Non-Traditional Romance: Should You Ship It?

*Spoilers (sort of) for Person of Interest, The 100, and The Last of Us. Also gay people. In case you don’t want to hear about them, either.*

For Valentine’s Day, some other geek-centric sites discussed their favorite fictional romances. I noticed a small trend.
Captain Jack Harkness. Madame Vastra. Bo the Lost Succubus. Clarke and Lexa. Root and Shaw. Ellie from the Last of Us. An alternate universe version of Superman and Batman.
Xena. Kirk and Spock.
Orange is the New Black.
In case you haven’t caught on, those are all gay people. I have a theory about this.
Fandoms have their own rules. Captain Jack comes from a time period where humanity has adapted to be very “flexible.” Some of the others aren’t even human, making them even more flexible.
But we watch with the predispositions of our world, with our rules. These romances are unusual, so when they pop up, they give the story the benefit of an unexpected twist, even if there has already been flirting.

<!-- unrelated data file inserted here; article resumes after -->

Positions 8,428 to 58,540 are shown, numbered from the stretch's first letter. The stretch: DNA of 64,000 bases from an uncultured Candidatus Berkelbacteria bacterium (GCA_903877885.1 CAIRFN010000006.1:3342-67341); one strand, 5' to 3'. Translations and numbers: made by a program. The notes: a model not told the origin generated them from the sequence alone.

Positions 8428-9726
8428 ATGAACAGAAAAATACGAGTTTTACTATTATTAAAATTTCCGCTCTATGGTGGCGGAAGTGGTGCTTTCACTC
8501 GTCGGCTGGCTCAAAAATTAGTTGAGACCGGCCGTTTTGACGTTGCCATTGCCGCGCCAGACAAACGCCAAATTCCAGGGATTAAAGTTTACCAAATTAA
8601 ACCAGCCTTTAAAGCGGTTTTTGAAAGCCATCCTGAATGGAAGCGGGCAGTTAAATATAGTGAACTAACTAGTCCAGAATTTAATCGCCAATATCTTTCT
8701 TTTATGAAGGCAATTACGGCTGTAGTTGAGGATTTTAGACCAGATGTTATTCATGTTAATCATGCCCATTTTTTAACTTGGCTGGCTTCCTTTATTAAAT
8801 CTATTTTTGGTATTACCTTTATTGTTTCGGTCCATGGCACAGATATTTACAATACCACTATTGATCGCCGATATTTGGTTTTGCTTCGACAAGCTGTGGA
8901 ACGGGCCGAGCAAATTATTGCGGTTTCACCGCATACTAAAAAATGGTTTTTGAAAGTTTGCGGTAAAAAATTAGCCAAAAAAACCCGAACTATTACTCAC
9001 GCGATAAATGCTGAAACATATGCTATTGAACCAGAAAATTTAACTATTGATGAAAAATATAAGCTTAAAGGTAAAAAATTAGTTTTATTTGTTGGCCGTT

The other benefit of non-traditional romances is that they’re a nice change from the lead male-lead female relationship that seems to be the standard rule. Those can be really good, of course, but from a nerd perspective it’s nice when they shake things up a bit.
Then again, we at the Correlation have to watch them from a Christian perspective. Based on a Biblical worldview, these romances are wrong. I struggle with whether or not I’m “allowed” to enjoy them. My theory about that is a little harder to swallow.
These universes are not ours. The rules are different. So are the metaphysical entities. God does not exist in these fictional universes to judge these people. And that’s not blasphemy.
Even if God exists in, say, Person of Interest, Root certainly doesn’t acknowledge Him. Ellie is a hormonal teenager in a zombie apocalypse. They’re not considering the consequences of their actions, and within the rules of the story we as fans aren’t supposed to, either.
We shouldn’t emulate these romances, just like we shouldn’t emulate Buffy and Spike or Bella and Edward. But I say we can still enjoy them.
– Noah

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@noahspud
@CorrelationBlog

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